Nurse-verification safety net exists, but riddled with gaps

State lacks participation in national nurse's verification program, medical facilities may not be aware of discipline taken against nurses applying for jobs

lparrilla@thetribunenews.comOctober 13, 2008 

Nurse Jeffrey LeMoine stood remorseful in a San Luis Obispo courtroom, waiting to hear his punishment for burning the faces of patients.

He apologized, read from a statement and then walked out after being convicted of practicing medicine without a license and grand theft. He was sentenced to two months in jail and three years of probation and carried a restitution tab of more than $10,000 for at least 25 victims of the laser treatment center where he worked.

Twenty-one days later, he was given a fresh start in another state with a new license.

Maine gave LeMoine the go-ahead to start practicing nursing on March 23, 2007, while he was on probation for the misdemeanor crimes.

“No one at the board knew about the conviction,” said Myra Broadway, executive director of the Maine State Board of Nursing. “The fact is, we’re going to pursue him now ourselves” because of the Tribune’s inquiry, she said.

LeMoine renewed his license online this year, saying he did not have a conviction, Broadway said. And when he originally applied in Oct. 6, 2006, he had not yet been convicted.

He represents the kind of nurse that regulators want to watch closely. And he’s one reason they use the national system called Nursys License Verification — to ensure nurses don’t roam from state to state with unknown disciplinary actions on their license.

But a problem arises when not all states participate in the one-stop national clearinghouse for checking nurses’ licenses.

The national database contains license, discipline and investigative information from state nursing boards. About 23 states share information.

Maine is in the system. California, however, is not.

Had California participated in the national database, Maine might have learned about the criminal charges prosecutors filed against LeMoine in August 2006.

Maine does not check criminal backgrounds of nurses because regulators there don’t have authority to use the national FBI database or a statewide database. They require nurses to self-report convictions, but, as in LeMoine’s case, sometimes that fails.

“We are attempting to get that,” Broadway said of access to government databases for ongoing criminal background checks. “What I really want is that ongoing piece of it. Otherwise, you’re only getting a snapshot of that point in time.”

California not tied in

California’s Board of Registered Nursing does not belong to the national Nursys database because its system is not configured to supply the information required to join, said spokeswoman Heidi Goodman.

And officials with the state Bureau of Licensed Vocational Nurses said they are concerned about certain regulations that would not allow them to discipline a nurse from another state practicing in California through Nursys.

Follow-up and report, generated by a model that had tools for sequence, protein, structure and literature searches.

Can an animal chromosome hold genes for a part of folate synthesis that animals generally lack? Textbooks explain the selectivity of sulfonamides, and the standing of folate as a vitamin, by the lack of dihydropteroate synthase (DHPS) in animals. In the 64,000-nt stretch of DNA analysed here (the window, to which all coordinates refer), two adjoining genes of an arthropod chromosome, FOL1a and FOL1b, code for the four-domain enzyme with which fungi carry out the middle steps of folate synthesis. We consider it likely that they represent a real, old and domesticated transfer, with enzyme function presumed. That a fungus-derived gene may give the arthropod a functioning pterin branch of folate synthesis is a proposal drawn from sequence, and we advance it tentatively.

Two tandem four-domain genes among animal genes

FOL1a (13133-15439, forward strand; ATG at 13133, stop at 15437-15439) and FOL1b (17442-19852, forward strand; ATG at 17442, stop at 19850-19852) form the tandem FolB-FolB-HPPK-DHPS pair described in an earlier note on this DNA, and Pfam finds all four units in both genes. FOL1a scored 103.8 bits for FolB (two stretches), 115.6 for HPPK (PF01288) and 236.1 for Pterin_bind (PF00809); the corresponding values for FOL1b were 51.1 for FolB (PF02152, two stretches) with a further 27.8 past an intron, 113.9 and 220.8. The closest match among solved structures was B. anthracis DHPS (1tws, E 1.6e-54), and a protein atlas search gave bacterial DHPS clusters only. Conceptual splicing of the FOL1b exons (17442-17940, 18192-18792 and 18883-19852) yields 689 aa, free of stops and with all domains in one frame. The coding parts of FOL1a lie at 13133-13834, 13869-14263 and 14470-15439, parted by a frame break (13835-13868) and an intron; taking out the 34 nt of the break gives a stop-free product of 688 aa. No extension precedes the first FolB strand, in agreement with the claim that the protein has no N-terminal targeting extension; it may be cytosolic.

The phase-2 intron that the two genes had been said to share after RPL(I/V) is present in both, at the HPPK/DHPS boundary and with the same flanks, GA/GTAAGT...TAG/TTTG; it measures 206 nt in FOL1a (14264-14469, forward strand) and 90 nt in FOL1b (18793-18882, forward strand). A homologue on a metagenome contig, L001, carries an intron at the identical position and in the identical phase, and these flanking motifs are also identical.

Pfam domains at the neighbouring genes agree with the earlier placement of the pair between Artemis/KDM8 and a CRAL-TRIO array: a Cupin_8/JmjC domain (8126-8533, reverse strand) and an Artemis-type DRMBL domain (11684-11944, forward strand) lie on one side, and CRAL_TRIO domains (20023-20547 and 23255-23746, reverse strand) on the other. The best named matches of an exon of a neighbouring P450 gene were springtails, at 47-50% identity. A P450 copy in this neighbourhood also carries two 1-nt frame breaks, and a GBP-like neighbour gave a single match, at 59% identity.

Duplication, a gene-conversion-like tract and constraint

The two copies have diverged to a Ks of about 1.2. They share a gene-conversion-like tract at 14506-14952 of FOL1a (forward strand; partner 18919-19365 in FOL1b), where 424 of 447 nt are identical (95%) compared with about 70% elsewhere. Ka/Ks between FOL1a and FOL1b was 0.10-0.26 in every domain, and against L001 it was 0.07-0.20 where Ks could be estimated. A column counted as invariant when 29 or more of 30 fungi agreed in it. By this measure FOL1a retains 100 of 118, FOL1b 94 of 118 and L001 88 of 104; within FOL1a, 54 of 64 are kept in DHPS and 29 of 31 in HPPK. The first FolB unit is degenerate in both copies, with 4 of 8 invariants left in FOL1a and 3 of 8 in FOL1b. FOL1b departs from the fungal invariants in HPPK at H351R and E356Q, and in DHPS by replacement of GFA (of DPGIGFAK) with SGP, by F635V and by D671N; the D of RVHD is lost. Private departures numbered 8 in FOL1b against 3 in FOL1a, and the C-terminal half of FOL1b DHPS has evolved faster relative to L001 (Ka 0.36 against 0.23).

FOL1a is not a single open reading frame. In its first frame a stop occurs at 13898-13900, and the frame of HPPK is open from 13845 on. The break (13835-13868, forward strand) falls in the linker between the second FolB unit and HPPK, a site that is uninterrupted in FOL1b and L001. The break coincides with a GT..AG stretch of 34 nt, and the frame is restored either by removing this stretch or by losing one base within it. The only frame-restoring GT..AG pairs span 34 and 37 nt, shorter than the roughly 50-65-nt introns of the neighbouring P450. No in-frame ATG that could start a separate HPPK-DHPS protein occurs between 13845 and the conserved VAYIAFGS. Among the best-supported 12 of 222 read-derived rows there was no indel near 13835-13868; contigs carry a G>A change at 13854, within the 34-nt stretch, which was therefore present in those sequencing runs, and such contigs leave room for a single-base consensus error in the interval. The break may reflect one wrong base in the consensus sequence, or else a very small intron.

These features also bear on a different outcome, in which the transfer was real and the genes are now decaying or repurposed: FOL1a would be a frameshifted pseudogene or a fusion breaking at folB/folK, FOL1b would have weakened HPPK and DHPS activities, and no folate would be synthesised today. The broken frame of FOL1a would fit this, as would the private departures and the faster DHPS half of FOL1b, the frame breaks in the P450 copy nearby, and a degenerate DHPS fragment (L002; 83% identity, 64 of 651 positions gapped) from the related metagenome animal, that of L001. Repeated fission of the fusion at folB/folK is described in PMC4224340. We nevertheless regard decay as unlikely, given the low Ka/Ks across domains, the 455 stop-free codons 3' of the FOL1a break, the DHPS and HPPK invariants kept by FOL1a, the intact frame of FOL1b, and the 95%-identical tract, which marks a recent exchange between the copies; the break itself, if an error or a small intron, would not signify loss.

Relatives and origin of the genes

The national system also does not accept a California exam for vocational nurses, and the bureau of vocational nursing does not collect certain information required by Nursys.

Some nursing advocates underscore the importance of having a one-stop, nationally connected system for checking nursing licenses, especially for traveling nurses who practice in hospitals across the country.

“There have been nurses that go from hospital to hospital to hospital to hospital, and just before they get fired they move on to another state and their record sort of gets buried under that,” said Deborah Burger, president of the California Nurses Association, a nurse organization and health care union.

Many hospitals hiring temporary nurses rely on the employment agencies to run criminal background checks. But those agencies often do not check every state for a nurse’s criminal record and work history. And such agencies cannot access national FBI or state Department of Justice databases. Those are restricted to law enforcement agencies.

About a dozen hospitals and 46 temporary staf fing businesses in California use ChoicePoint, a Georgiabased data collection company that searches individual county records when checking criminal backgrounds on nurses.

“No one picks up everything, and part of it is…there are many counties across the U. S. that don’t have their conviction records online,” said ChoicePoint spokesman Chuck Jones. “A background screening service would not know where (someone) lived previously so they would not know to check there.”

The Tribune is pleased to provide this opportunity to share information, experiences and observations about what's in the news. Some of the comments may be reprinted elsewhere in the site or in the newspaper. We encourage lively, open debate on the issues of the day, and ask that you refrain from profanity, hate speech, personal comments and remarks that are off point. Thank you for taking the time to offer your thoughts.

Commenting FAQs | Terms of Service